Advertisement

Home / World / Will try to mediate on Ukraine even if prospects poor: Israel PM

Will try to mediate on Ukraine even if prospects poor: Israel PM

In televised remarks to his cabinet, Naftali Bennett gave no details on his three-hour Kremlin meeting with Vladimir Putin on Saturday
Naftali Bennett
Naftali Bennett
File Photo

Reuters   |   Jerusalem   |   Published 07.03.22, 01:44 AM

Israel will continue trying to mediate between Russia and Ukraine even if success seems unlikely, Prime Minister Naftali Bennett said on Sunday after returning from surprise talks with Russian President Vladimir Putin.

Ukraine has requested that Israel serve as intermediary, citing the Bennett government’s good relations with both Kyiv and Moscow. Bennett’s office said he spoke three times over the weekend with Ukrainian President Volodymyr Zelensky.

In televised remarks to his cabinet, Bennett gave no details on his three-hour Kremlin meeting with Putin on Saturday, saying only that it had “the blessing and encouragement of all parties” — an allusion to the US, among other powers.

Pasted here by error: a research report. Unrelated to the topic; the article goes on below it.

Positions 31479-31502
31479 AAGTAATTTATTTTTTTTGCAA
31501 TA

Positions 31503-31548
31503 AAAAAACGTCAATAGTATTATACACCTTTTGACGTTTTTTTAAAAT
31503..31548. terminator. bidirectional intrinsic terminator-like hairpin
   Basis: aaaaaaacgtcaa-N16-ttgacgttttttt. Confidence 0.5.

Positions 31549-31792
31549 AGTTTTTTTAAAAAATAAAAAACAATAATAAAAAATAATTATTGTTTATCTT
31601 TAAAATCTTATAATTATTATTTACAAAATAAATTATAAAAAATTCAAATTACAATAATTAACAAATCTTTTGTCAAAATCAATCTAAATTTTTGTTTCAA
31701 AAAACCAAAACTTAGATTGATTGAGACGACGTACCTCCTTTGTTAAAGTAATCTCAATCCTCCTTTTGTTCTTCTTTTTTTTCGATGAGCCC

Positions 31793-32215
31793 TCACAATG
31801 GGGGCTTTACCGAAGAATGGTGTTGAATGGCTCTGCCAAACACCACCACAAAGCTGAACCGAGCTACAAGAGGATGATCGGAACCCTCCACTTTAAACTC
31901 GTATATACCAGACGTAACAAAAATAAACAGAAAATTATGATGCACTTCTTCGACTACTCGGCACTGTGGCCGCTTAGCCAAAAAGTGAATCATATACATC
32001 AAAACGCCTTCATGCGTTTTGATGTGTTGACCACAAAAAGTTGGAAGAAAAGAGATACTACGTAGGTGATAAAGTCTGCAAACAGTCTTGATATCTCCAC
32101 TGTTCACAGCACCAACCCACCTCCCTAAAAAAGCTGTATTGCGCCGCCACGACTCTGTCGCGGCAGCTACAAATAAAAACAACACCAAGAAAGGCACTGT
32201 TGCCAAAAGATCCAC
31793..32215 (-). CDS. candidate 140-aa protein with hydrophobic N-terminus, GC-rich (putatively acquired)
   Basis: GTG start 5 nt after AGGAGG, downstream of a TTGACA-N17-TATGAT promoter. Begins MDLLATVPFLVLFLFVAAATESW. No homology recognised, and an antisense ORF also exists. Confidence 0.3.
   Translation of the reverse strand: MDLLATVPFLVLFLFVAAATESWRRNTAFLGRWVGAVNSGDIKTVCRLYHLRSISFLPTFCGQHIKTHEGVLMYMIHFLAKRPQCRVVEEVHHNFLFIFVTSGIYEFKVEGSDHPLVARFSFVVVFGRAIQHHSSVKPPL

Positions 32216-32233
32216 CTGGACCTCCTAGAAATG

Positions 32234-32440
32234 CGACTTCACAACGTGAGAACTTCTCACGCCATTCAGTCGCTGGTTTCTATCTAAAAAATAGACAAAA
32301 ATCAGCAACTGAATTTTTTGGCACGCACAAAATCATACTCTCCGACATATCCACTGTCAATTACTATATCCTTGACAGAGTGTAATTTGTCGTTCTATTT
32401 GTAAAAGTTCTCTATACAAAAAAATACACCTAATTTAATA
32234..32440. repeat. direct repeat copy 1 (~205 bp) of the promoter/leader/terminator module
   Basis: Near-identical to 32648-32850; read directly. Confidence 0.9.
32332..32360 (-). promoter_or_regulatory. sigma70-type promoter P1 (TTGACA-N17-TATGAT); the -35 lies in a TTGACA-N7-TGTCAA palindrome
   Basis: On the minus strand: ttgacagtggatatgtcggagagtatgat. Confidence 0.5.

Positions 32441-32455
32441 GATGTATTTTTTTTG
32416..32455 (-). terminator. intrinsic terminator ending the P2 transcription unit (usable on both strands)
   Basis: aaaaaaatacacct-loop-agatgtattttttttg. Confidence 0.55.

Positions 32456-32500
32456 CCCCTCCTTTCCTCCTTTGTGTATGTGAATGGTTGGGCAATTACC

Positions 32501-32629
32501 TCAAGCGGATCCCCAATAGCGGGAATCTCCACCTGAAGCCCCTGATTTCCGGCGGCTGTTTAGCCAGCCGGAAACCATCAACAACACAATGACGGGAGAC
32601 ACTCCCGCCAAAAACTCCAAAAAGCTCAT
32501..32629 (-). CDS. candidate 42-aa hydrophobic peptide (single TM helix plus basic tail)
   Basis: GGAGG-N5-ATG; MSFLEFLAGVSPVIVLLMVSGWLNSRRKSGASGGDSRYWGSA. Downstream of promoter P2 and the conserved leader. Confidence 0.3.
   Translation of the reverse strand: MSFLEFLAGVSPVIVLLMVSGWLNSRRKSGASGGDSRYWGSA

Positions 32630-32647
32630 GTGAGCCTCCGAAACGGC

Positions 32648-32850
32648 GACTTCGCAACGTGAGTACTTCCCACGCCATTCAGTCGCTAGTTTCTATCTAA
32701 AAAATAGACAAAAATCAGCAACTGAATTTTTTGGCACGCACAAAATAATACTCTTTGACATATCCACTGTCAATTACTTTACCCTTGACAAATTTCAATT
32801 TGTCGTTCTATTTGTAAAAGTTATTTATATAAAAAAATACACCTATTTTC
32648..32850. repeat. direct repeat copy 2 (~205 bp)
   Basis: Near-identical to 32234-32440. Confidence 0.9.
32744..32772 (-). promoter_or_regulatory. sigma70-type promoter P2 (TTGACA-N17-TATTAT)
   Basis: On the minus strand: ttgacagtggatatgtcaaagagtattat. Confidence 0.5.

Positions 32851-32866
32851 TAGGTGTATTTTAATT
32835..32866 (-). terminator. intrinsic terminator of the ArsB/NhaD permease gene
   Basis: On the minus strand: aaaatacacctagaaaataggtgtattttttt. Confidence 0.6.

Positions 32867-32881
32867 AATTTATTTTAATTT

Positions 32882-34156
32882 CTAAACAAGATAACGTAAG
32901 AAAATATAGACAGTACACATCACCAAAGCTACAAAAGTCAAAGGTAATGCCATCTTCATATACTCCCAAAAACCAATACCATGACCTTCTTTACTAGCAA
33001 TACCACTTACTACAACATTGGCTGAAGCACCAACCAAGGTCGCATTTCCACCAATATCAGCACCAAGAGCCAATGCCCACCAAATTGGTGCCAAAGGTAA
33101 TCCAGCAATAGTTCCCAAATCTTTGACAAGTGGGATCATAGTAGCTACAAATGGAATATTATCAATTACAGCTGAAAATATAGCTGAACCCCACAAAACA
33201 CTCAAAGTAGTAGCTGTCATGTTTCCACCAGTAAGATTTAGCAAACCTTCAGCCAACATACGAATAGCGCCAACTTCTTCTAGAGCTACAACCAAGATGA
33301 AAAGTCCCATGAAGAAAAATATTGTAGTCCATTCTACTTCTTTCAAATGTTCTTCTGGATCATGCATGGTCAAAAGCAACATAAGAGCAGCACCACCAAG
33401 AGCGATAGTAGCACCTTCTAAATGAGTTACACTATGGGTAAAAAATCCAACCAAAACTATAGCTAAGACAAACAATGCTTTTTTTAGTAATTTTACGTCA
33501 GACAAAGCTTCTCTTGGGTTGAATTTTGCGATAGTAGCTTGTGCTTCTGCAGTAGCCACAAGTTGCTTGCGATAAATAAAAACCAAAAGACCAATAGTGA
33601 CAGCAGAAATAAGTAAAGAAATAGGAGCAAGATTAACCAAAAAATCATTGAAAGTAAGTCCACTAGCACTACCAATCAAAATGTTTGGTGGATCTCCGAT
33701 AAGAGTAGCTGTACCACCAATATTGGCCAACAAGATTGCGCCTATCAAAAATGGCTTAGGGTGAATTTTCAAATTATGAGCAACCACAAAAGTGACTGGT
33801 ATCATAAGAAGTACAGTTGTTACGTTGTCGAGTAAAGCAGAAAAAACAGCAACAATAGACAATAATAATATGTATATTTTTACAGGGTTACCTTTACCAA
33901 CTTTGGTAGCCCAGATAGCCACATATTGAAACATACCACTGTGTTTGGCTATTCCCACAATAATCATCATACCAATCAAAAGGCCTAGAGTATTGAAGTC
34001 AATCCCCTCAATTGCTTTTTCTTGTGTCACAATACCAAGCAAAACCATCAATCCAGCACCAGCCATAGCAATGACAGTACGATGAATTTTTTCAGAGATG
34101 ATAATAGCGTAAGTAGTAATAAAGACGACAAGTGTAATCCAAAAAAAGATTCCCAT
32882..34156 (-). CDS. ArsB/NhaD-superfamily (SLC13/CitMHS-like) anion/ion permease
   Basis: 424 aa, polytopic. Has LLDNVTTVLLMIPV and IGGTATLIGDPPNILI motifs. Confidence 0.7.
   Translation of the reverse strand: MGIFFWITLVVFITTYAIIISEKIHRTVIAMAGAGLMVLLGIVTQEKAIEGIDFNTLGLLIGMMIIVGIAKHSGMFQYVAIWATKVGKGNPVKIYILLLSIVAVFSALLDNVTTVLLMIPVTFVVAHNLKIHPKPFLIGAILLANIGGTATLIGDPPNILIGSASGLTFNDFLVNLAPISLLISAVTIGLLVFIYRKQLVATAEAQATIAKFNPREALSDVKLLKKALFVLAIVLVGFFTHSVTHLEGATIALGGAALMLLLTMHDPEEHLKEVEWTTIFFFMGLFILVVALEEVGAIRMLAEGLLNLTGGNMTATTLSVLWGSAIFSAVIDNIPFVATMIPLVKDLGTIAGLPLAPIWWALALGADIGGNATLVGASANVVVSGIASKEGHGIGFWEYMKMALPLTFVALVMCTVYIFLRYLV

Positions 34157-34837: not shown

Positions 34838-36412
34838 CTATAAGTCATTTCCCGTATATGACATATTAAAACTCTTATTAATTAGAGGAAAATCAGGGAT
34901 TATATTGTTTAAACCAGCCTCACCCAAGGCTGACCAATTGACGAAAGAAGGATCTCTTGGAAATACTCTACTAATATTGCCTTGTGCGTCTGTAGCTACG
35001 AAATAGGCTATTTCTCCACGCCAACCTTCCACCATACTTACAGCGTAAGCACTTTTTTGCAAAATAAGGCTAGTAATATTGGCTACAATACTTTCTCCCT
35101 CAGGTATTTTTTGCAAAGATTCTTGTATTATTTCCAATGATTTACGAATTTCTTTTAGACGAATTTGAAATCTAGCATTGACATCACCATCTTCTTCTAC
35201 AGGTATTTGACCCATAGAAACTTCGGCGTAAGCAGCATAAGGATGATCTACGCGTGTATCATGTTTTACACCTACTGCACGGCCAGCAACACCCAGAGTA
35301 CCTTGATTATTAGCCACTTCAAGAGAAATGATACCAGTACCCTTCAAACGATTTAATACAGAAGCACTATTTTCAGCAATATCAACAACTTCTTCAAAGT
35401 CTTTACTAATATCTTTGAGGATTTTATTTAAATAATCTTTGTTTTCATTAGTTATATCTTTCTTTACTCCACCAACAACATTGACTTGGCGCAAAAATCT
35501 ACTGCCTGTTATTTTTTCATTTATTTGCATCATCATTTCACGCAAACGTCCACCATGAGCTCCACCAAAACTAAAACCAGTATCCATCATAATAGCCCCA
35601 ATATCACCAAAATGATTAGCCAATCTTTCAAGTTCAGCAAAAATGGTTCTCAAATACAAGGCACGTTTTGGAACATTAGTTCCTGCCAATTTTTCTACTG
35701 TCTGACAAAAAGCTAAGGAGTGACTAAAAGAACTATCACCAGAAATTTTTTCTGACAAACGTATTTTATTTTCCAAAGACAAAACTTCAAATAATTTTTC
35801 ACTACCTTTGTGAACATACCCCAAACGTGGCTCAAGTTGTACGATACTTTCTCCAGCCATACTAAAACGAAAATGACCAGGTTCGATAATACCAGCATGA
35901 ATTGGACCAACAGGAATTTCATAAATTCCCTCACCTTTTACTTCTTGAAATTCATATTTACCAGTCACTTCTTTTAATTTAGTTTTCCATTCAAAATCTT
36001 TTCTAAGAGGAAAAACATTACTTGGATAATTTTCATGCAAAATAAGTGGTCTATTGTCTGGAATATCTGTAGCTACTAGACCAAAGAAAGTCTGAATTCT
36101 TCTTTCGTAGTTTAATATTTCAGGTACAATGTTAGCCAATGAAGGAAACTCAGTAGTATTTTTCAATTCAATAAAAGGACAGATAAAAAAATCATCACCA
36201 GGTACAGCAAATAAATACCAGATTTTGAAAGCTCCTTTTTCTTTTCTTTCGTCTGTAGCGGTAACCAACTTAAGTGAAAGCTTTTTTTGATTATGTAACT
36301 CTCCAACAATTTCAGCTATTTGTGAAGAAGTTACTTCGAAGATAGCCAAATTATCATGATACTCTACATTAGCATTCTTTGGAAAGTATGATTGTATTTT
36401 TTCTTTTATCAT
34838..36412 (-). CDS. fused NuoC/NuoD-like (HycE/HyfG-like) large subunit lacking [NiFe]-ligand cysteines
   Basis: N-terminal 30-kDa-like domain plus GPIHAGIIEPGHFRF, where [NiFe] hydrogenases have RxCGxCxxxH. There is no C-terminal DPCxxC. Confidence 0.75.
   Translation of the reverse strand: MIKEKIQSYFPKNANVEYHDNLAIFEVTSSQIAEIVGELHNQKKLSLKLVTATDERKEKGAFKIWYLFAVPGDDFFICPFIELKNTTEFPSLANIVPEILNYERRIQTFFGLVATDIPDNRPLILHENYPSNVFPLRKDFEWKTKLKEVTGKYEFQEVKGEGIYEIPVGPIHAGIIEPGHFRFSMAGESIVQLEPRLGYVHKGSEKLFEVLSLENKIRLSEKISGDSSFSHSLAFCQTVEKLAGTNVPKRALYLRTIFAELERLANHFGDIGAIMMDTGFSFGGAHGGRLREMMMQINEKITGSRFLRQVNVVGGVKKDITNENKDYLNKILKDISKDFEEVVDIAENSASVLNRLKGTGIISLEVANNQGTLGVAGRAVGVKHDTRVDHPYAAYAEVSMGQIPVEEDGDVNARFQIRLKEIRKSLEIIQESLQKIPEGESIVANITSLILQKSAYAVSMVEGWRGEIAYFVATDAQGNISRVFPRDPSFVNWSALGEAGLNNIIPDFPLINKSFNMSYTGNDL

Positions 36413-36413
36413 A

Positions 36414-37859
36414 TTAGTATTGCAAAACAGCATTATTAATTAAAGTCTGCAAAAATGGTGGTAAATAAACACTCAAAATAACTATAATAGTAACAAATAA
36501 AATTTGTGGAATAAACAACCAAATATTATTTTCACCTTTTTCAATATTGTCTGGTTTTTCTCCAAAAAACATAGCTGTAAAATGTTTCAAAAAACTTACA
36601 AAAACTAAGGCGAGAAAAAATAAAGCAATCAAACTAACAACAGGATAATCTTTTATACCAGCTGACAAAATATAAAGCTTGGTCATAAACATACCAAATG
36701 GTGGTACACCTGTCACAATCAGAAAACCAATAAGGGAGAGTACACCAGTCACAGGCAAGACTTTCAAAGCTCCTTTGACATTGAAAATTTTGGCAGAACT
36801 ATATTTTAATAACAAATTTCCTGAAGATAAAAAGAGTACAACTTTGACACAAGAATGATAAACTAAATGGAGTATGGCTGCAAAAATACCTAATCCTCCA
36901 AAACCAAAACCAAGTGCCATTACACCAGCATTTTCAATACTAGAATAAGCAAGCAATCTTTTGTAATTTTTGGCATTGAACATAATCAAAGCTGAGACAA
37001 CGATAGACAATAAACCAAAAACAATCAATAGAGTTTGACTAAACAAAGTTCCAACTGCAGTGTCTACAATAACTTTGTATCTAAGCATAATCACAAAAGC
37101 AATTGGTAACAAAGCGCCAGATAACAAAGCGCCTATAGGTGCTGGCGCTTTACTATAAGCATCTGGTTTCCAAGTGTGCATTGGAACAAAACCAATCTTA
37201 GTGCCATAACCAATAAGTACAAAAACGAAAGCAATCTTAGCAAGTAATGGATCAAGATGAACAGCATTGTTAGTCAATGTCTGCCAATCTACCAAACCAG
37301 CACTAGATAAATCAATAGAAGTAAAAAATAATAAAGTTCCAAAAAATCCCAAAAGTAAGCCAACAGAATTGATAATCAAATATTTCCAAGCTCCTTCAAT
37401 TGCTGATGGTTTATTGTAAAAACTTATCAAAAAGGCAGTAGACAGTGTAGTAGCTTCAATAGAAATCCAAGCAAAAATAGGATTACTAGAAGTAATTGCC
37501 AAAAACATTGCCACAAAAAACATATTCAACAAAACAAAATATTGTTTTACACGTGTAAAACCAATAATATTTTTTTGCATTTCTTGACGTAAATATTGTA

“We will continue to assist wherever this is requested, even if the chances are not great,” Bennett said. “The moment there is even a small opening, and we have the access to all sides and the capability, I see it as a moral duty to make every attempt.”

Israel has condemned the Russian invasion of Ukraine, expressed solidarity with Kyiv and sent humanitarian aid. But Bennett has not met Ukrainian requests for military assistance and has kept channels open to Russia, with which Israel coordinates operations against Iranian deployments in Syria.

Israeli communications minister Yoaz Hendel said he had declined Ukrainian requests to ban nine Russian media outlets on the grounds they were propagandising.

“These (broadcasters) did not meet any kind of threshold that would necessitate their blocking. I would like to remind you that, in a democracy, blocking media channels is a very dramatic event,” Hendel told reporters.

Interior minister Ayelet Shaked said Israel, which has a population of 9.2 million, was bracing for a “very, very big wave” of immigration sparked by the conflict.

This could entail taking in more than 200,000 Ukrainians who are Jewish or have Jewish family links and more than 600,000 Russians in the same categories, she said.



Advertisement
Advertisement
Advertisement
 
 
 
Copyright © 2020 The Telegraph. All rights reserved.